Waveland’s Gulfside Assembly, from its heyday to its demise

The old Jackson/Deblieux House is the scene of an open-air event in circa 1930.
The old Jackson/Deblieux House is the scene of an open-air event in circa 1930. Photo courtesy of the Hancock County Historical Society

This circa 1930 photo shows visitors enjoying the grounds of the Gulfside Assembly at Waveland.

Last week’s Flashback told the interesting history of the Jackson/Deblieux House from its late 1850s construction to 1923, when African-American Bishop Robert E. Jones of the then Methodist-Episcopal Church purchased the beachfront property located on the eastern edge of present-day Buccaneer State Park.

The Nov. 30, 1923, Times Picayune reported the acquisition of about 700 acres, partly by purchase and partly by lease, of the property that the Bishop intended to use for “missionary and educational purposes and at the same time serving as a recreational place for our people.”

The Bishop, along with other ministers and members of the faithful, went to work at once to renovate the old Jackson/Deblieux house. The official dedication of Gulfside Assembly occurred on Aug. 30, 1927.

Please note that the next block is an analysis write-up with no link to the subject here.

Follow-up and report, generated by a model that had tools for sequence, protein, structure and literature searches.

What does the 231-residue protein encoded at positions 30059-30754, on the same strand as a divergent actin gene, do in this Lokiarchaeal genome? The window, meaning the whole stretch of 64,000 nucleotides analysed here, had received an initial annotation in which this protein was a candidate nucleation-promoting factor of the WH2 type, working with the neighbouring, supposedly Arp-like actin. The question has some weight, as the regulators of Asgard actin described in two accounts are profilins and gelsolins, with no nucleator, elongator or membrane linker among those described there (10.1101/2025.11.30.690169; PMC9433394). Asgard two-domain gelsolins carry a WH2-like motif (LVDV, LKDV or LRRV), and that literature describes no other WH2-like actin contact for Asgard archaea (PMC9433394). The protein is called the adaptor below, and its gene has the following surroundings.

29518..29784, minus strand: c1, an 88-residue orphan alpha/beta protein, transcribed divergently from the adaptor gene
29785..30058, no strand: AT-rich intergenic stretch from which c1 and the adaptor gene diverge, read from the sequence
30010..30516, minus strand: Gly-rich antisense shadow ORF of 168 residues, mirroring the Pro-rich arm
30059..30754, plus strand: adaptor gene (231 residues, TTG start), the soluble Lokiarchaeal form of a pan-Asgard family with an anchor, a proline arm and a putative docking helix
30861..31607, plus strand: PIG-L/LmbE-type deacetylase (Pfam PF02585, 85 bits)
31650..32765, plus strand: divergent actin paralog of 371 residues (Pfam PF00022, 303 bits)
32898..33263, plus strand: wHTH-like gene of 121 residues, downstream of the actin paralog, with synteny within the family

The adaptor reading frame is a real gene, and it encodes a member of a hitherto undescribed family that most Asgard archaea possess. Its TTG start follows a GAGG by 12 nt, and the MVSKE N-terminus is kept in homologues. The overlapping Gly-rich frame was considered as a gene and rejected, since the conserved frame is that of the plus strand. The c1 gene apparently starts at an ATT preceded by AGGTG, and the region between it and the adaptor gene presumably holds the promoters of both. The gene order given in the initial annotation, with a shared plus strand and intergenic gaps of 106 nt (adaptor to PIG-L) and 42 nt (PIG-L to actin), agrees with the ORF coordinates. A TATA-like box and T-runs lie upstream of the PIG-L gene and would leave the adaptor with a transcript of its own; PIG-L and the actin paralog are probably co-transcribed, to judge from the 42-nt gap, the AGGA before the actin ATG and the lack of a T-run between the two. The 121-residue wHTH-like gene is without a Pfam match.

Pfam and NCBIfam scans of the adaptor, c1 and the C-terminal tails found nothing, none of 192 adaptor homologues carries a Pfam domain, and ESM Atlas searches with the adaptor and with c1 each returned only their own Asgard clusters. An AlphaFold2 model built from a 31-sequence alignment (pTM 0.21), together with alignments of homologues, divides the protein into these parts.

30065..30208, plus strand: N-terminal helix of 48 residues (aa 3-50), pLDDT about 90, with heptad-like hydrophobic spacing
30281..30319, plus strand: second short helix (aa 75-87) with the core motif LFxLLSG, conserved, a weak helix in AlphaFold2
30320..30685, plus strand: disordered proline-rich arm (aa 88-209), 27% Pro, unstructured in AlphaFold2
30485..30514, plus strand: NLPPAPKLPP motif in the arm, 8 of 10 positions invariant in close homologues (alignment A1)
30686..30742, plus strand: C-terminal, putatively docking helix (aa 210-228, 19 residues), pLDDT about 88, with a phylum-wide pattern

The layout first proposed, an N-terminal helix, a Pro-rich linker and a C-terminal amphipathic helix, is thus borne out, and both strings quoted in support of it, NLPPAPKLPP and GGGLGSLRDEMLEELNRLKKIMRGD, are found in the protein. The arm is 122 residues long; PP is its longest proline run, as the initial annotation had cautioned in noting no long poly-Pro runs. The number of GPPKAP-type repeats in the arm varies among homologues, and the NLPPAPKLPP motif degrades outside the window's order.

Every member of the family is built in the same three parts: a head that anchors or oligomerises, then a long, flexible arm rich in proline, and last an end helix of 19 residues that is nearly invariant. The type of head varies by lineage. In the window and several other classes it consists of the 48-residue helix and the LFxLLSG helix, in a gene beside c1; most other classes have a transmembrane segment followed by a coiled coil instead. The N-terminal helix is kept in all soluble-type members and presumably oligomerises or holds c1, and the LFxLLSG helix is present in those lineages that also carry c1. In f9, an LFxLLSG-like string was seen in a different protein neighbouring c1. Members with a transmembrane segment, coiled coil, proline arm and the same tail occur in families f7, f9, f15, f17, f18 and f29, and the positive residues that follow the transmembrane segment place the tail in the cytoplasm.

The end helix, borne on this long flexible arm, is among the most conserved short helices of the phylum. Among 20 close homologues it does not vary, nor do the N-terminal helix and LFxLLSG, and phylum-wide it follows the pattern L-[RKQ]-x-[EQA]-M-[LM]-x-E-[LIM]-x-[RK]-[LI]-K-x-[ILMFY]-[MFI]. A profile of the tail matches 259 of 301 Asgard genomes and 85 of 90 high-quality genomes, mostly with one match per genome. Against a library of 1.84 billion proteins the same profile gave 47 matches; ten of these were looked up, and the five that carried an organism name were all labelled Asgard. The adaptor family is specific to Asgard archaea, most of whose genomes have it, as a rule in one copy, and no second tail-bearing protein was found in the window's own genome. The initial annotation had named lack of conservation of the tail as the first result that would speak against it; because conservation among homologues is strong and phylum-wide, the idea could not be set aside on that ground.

Under the direction of Bishop Jones the unique facility flourished and in time other buildings were constructed. Most events and activities occurred during the spring and summer, and included classes, seminars, conferences, scouting events, spiritual songfests, picnics, plays, lectures, swimming and boating and so many others. A newly found 1928 newspaper article describes the property as having a “22 room hotel,” undoubtedly the Jackson/Deblieux House, which accounts for the caption on last week’s Flashback postcard.

By the early 1930s Gulfside was host to 5,000 to 10,000 visitors annually. The Jackson/Deblieux house was serving as a men’s and boys’ dormitory when, on Sept. 30, 1935, it burned to the ground. But it was soon replaced by a new colonial-style building. The Assembly suffered some damage during Hurricane Camille in 1969, but in 2005 all of its 12 buildings fell to Hurricane Katrina. Today only an open-air pavilion occupies the site. It serves as a reminder that the spirit of Gulfside lives on and big plans to rebuild are afoot.

Murella H. Powell, a local historian, writes the weekly Flashback column. Do you have a local photograph to submit to Flashback? It can be of any subject or event in the Coast’s distant or recent past. Please send a description with your name, address and daytime phone number to Flashback, the Sun Herald, P.O. Box 4567, Biloxi MS 39535; or call 896-2424; or email